Friday, May 6, 2011

Wild Ginger and Old Stoney, the Mighty Rock Guardian...

An odd little flower, Wild Ginger (Asarum canadense) is bell shaped and often lies partially buried in the dirt. Hidden from view by two huge heart-shaped leaves, you would never know the strange flower is there as you walk past, but then again, we're not meant to know the flower is there. Insects that roam the forest floor are, and they have no problem finding the eye-level beauty (that is also a little scary looking)!

I had to brush aside leaves on the ground to be able to see this Wild Ginger (Asarum canadense) blossom...and what a strange little blossom it is! Ants and flies and other insects find the dark maroon to chocolate brown blossoms easy enough, and its cup-like form often offers shelter to these tiny insects which then pollinate the flower.

...beautiful heart-shaped leaves keep the one-inch bell from view.

...a tiny flower within a flower? It looks like it, but it's really just a 6-lobed stigma perched on top of a thick style.

...each plant consists of two heart-shaped leaves on separate stems. One flower grows between the two stems, often covered by leaves and sometimes partially buried in the ground.

...long hairs coat the sepals that form the bloom, making it look like its covered in white fur. The only way to see this flower is to get down on your hands and knees and gently move aside the heart-shaped leaves. In this photo, I used the camera to hold back the leaves to focus on the flower resting in the leaf litter.

...the Mighty Rock Guardian is ever vigilant, protecting wildflowers from forces seen and unseen.
Actually, Rick created Old Stoney while I was photographing the ginger. If you find yourself at the base of the hillside trail at Fort Ancient (where it feeds into the Little Miami River) look for a patch of heart-shaped Wild Ginger leaves and see if the Mighty Rock Guardian is still there! He protects all who venture forth...

12 comments:

Wanda..... said...

You should return after a time to see if he is still there. Last summer, Alivia and I placed a heart-shaped rock on a felled tree spanning the creek and it's still there.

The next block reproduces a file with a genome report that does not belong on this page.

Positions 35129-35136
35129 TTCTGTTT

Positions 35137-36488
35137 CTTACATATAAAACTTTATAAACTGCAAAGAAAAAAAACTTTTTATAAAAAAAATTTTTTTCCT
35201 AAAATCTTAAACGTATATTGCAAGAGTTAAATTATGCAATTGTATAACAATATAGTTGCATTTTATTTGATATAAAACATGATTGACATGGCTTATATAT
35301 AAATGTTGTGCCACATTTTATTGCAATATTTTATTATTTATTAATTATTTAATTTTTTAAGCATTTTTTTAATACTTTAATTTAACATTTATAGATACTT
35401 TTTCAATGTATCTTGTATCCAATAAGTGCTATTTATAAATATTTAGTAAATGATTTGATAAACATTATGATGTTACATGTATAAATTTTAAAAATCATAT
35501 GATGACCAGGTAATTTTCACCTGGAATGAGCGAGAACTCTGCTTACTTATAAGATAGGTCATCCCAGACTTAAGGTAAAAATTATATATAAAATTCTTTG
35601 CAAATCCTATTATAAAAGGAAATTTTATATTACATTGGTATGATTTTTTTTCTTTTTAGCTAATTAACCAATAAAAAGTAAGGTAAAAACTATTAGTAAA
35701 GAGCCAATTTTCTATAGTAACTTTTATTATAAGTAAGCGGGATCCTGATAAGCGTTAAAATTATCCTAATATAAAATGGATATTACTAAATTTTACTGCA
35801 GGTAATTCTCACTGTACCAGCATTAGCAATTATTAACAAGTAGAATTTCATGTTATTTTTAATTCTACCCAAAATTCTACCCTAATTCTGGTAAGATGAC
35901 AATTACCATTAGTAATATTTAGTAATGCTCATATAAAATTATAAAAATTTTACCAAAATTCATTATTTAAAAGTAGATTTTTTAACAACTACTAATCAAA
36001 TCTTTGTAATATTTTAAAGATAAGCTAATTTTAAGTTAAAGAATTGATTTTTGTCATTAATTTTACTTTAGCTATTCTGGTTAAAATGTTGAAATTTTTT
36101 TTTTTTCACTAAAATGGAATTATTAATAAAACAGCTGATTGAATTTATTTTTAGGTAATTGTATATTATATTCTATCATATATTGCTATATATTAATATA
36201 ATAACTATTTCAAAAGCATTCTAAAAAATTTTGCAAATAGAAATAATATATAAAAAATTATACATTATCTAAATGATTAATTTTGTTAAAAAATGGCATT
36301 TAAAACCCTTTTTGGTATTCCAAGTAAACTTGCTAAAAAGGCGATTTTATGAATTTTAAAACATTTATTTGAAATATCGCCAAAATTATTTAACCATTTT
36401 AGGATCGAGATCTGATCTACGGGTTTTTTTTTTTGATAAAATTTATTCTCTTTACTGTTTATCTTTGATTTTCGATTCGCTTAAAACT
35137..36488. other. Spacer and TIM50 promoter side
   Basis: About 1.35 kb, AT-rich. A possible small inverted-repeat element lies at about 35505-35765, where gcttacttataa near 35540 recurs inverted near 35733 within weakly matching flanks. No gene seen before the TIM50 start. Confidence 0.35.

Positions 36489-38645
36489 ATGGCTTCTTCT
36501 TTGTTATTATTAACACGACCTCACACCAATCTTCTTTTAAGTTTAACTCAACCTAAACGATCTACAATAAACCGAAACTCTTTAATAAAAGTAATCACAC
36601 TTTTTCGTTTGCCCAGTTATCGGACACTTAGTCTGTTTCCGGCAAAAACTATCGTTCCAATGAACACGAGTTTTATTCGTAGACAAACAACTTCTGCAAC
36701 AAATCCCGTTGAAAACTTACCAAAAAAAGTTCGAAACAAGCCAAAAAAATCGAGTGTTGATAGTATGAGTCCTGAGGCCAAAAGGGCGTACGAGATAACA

Montanagirl said...

Fun post, Kelly! What a pretty little flower.

Janice K said...

Now you have me curious...The leaf looks familiar, but I have never seen such a flower. I had a nice walk in the woods yesterday--Now I have something new to look for. Your series on wildflowers has been really interesting.

Your guardian looks quite convincing too.

Cicero Sings said...

Interesing plant/flower, great pics, fun rock guardian!

Out on the prairie said...

I have seen the leaves coming out, but willhave to look closer for the blooms. Perhaps that will be my mission after visiting some greenhouses with a friend.Happy Mothers Day!

Bob Bushell said...

That was a beautiful moment, fantastic.

Carol Mattingly said...

Love this little wildflower. Nicely done Kelly. Have a great Derby Day. Carol

grammie g said...

Hi Kelly ...amazing what we miss if we just go rushing through life
nature is so fun of wonderful treasures like this blossom, a hidden jewel!!
Your husbands little hobbie is so darn cute I love it!!
This one is great!!
Have a great Mothers Day!!

Frank said...

Creeping about on all fours certainly opens up a whole new world that is unseen from above. Excellent series Kelly. Nice to see an example of Rick's artistic talents.

Happy Mothers Day ... FAB & Anita.

Elaine said...

Amazing the beauty we can find if we just look closely enough. Beautiful work, Kelly! I'm glad the Mighty Rock Guardian is at work to protect these little treasures.

Susan said...

You are spring time prolific! I just planted a ginger root from the grocery store, in hopes that it'll grow (rumour has it..) and waiting for the little bird print :>)

Kelly said...

...thanks, everyone!! Today along the Little Miami at Kings Powder Factory, the Wild Ginger leaves were everywhere, but when I looked under them for the flowers, the blooms were pretty well spent. They were still there, but the tiny "inner flower" was dried up, and the sepals had turned brown. In only one week, the beautiful little blooms were already fading. Such is the life of an ephemeral... ;-)